Pittsburgh Playwrights' Ma Noah | Theater | Pittsburgh | Pittsburgh City Paper

Pittsburgh Playwrights' Ma Noah

A serious comedy features a bravura performance by Chrystal Bates.

Mama is certainly not on the couch in Pittsburgh Playwrights Theatre Co.'s production of Ma Noah, an award-winning 2004 serious comedy by company founder and artistic director Mark Clayton Southers. My "mama on the couch" reference is to George C. Wolfe's wickedly funny The Colored Museum (1985), satirizing the post-Raisin in the Sun memes of African-American theater and art. Southers takes that sensibility into the 21st century with more realism, depth and layered humor.

Set in 2004 in the Philadelphia projects, Ma Noah begin as a seemingly standard drama of a woman raising her children to adulthood almost single-handedly. (First husband dead, second in jail, leaving two sets of half-siblings with complicated relationships.) Their world is buffeted with waves of anger, frustration and confusion, but especially by the tentacles of the drug trade that promises dreams and delivers destruction.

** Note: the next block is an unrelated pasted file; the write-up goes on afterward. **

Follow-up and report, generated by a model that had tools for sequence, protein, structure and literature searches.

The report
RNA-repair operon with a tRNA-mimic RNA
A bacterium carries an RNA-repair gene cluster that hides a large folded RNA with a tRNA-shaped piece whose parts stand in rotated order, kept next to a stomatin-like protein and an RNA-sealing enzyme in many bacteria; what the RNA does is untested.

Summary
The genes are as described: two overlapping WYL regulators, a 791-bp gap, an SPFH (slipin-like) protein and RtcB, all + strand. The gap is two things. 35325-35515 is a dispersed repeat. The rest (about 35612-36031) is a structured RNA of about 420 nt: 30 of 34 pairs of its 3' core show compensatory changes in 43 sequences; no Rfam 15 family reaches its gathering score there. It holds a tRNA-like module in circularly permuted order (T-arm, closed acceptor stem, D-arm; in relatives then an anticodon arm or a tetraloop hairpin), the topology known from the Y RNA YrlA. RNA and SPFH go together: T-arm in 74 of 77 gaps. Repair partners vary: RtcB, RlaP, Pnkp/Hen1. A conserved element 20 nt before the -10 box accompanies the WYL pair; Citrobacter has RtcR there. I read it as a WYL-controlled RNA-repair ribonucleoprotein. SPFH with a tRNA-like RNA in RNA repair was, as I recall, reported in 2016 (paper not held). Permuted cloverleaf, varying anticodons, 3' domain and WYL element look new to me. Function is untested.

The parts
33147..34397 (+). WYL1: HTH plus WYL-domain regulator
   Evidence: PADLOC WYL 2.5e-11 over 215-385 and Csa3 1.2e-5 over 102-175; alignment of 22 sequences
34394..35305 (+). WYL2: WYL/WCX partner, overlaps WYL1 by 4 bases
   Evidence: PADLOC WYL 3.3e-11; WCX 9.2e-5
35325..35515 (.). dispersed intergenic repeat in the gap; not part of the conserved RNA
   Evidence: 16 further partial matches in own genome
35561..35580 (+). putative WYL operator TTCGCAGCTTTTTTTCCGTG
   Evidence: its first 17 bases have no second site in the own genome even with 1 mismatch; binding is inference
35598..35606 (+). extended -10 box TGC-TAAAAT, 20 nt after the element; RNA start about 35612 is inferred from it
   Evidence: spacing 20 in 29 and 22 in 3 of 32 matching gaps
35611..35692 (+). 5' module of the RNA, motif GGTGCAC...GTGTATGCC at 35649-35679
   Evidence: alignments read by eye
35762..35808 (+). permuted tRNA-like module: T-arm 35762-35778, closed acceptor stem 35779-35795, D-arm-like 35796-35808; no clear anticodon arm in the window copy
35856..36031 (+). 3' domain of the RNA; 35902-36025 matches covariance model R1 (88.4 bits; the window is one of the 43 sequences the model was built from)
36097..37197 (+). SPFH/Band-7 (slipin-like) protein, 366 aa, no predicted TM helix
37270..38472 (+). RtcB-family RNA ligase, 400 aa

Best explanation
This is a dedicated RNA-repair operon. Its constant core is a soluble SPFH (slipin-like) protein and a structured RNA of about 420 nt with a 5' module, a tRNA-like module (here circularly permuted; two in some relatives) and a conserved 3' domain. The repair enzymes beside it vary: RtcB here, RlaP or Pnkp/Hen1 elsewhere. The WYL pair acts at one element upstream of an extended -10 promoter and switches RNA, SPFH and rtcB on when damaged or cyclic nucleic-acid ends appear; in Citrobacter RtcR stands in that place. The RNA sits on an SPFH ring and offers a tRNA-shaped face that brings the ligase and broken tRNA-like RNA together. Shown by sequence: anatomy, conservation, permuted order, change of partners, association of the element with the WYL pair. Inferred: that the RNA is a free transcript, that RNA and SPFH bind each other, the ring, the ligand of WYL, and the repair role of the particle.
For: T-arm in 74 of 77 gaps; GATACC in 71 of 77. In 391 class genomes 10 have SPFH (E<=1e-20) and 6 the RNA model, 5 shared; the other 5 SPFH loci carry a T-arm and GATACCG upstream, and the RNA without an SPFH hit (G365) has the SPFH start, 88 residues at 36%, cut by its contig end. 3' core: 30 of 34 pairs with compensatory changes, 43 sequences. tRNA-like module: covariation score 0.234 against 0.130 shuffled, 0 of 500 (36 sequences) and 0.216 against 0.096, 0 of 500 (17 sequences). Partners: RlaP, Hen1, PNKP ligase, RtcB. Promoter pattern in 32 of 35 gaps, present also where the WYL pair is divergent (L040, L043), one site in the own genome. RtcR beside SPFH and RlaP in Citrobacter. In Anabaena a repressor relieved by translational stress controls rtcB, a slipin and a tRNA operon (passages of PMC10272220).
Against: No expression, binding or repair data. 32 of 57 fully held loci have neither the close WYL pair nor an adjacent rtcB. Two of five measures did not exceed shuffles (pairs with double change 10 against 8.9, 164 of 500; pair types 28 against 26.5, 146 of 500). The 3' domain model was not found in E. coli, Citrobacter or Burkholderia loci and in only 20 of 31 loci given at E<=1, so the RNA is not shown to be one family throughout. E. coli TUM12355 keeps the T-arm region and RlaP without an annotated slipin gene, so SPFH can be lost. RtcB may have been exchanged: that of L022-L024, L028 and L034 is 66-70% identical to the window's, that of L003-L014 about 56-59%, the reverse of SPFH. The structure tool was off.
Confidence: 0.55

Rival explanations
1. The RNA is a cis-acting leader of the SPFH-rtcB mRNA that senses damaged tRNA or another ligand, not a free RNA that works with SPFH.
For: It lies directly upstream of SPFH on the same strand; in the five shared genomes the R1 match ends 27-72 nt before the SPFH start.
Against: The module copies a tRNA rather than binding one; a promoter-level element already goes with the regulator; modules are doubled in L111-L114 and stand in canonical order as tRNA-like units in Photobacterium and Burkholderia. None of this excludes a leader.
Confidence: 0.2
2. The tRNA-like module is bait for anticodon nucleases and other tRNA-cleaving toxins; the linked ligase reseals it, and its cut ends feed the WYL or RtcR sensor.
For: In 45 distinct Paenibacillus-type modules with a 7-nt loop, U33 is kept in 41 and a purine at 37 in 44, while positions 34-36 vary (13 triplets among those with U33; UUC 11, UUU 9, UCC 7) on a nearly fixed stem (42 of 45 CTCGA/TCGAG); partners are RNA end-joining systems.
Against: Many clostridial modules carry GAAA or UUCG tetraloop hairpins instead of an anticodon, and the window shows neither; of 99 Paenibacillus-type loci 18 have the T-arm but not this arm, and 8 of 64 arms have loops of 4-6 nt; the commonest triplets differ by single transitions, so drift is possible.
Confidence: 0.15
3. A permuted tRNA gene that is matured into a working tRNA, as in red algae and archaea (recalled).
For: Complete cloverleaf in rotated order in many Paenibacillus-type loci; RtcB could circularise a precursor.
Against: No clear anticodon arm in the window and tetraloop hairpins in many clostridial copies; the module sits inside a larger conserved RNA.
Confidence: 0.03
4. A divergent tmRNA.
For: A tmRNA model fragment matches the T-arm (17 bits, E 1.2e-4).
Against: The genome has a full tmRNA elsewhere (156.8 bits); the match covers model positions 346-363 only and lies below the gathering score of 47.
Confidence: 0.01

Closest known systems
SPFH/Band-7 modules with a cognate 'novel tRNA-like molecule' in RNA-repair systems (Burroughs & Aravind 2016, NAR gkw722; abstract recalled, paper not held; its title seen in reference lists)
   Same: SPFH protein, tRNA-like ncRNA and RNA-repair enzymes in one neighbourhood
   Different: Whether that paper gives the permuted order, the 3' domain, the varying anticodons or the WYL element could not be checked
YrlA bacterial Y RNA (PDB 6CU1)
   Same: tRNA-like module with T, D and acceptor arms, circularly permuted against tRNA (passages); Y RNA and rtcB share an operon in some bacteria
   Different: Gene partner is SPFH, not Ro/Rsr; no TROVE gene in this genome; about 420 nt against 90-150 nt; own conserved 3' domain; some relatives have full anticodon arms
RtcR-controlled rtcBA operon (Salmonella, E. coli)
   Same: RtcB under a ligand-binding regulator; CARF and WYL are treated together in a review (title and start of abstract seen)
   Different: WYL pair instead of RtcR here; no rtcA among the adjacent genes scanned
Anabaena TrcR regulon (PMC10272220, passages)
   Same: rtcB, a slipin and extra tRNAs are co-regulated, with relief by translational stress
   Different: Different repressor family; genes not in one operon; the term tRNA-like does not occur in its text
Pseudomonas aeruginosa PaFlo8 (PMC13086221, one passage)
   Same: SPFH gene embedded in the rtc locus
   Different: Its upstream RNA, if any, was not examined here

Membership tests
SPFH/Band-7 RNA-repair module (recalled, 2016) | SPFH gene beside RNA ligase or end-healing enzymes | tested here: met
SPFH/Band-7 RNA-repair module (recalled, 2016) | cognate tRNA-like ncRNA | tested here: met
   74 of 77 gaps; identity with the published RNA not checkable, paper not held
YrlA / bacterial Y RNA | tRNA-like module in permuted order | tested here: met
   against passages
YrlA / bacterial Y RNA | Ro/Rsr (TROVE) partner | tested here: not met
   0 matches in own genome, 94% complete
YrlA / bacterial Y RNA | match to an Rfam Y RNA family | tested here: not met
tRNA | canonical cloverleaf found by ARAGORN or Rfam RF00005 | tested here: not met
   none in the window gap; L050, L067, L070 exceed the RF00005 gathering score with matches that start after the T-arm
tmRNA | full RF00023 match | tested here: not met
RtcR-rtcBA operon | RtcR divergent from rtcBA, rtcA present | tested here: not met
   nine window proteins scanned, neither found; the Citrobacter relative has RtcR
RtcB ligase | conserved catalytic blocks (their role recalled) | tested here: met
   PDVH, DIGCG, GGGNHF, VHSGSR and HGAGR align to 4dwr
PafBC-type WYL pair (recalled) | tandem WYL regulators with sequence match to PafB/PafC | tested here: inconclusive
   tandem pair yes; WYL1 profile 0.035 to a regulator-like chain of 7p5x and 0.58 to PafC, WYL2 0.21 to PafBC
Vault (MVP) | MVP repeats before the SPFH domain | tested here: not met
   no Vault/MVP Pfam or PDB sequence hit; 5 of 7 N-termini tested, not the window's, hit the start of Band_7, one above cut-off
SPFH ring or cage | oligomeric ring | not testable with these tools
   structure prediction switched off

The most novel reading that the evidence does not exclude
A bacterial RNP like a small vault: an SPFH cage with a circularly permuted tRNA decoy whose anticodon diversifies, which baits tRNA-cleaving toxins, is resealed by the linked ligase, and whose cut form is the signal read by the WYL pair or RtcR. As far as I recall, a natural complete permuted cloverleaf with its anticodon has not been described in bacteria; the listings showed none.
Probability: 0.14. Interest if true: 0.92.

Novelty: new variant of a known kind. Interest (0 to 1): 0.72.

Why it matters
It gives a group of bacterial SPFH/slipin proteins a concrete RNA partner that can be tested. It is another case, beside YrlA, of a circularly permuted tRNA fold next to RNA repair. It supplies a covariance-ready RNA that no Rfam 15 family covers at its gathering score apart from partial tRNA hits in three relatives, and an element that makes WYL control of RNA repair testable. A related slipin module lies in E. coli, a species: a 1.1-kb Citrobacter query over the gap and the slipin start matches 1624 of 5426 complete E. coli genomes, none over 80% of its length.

But the title character devises ingenious strategies to protect her young-adult children from the flood of temptations and dangers that threaten to destroy her family. Ma Noah also provides the opportunity for a bravura performance by Chrystal Bates, from passionate speeches to stage business that I dare not reveal, except to say that Bates gleefully pulls it off. This production also marks the first time that Bates has performed with real-life daughter Cheryl Bates-White. As seemingly the most sensible of the four children, Bates-White channels her mother spot-on in a scene leading a family prayer.

Completing the family (and cast) are a wonderfully physical DeVaugn Robinson as the wound-too-tight younger brother; the sylph-like Heaven Bobo as his full sister; and mercurial Trevor Butler as the eldest son, a more complicated — and compromised — update of Lorraine Hansberry's Walter Younger. Director Tracey D. Turner artfully interprets Southers with Joseph Martinez contributing fight choreography; Cheryl El-Walker, costumes and makeup; Diane Melchitzky, set; Thurston Reyes, lights; and Mark Whitehead, sound.

There's a lot of pain in Ma Noah, stanched but not stopped by the occasional triumphs and joy.

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